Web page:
I congratulate my hon. Friend Julian Sturdy on securing this debate on a hugely important issue. SEND provision touches on every part of education, from early years all the way through to further education and higher education—not just for the vulnerable children who need the support, but for everyone else, as it has an increasing impact on schools’ core budgets and spending.
In the very limited time available, I will touch on one specific issue; I will use my own council in Nottinghamshire as an example, but it is a wider issue. Nottinghamshire County Council has a good reputation for SEND support, but there are growing problems and it loses out on funding compared with the national average, making it impossible to sustain that level of support.
Compared with its statistical neighbours, the council receives £7 million less for providing the same services. It is punished for having historically been inclusive, keeping children with SEND in mainstream schools as far as possible and pushing the money down from its own budgets into those of individual schools. That means that the council has historically spent less, which works against it in the funding formula—having taken the right educational decisions for pupils, it now receives less funding. That is not right and it is not sustainable.
As I have said, SEND funding has an impact on all areas of education. There has been a lot of talk about school funding, but of course increasing proportions of those budgets are spent on topping up gaps in SEND support. I welcomed the announcement at the end of last year that there would be more money over the next two financial years, but we need to do more. I know that my right hon. Friend the Minister knows that and that she is making that case. Everyone in this Chamber has a duty to ensure that the Chancellor understands the storm brewing in SEND funding.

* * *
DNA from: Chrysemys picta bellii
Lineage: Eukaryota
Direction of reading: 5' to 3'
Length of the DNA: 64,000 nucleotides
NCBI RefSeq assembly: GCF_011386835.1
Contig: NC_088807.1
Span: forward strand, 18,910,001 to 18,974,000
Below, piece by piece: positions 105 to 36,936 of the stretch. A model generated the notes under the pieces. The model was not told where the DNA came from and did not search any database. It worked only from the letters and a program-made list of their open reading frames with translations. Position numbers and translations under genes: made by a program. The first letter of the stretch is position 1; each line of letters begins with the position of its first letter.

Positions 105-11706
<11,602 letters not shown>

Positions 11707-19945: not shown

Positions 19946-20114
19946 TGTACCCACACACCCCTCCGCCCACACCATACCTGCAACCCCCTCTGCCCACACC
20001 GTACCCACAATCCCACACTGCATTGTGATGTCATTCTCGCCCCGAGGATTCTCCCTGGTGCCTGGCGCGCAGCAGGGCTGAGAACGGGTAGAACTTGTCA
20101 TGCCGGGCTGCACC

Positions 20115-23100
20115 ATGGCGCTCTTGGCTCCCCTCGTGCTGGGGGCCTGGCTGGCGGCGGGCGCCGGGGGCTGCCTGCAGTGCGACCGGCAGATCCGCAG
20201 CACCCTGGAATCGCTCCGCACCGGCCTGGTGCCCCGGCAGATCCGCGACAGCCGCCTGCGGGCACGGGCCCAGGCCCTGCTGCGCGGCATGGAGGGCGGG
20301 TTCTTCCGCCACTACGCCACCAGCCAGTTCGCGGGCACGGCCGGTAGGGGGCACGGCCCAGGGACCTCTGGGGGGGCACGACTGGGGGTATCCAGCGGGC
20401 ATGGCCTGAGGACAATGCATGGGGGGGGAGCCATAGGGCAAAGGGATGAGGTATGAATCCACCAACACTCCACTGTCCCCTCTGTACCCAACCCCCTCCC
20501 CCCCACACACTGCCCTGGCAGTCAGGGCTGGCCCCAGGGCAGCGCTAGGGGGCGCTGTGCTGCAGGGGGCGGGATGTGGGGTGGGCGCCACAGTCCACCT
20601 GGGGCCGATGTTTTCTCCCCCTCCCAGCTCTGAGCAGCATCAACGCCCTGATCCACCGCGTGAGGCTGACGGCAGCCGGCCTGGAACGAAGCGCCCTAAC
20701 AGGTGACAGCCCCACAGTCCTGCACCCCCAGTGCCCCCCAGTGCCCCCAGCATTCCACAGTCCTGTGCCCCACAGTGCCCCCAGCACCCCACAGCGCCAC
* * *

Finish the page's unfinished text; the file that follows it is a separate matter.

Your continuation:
Nottinghamshire County Council has taken the right approach: it aims to be inclusive and to give the funding and autonomy to schools wherever possible, because they are best placed to understand their pupils and to give them a voice and a say in the care and support they receive, as well as to reduce costs and bureaucracy. It is therefore all the more frustrating that it and many other councils like it around the country are now being hit financially for taking the right educational decisions.
I urge the Government to ensure that this issue is treated as a priority. The Minister will be aware of stats showing that SEND spending, particularly in post-16 education—which is her own area of responsibility—is growing in huge numbers that will simply not be sustainable without more help. The spending review is hugely important, and I urge her and everybody in this Chamber to make the case to the Treasury. Over the coming months we must ensure funding for the long term and that we invest properly in SEND provision.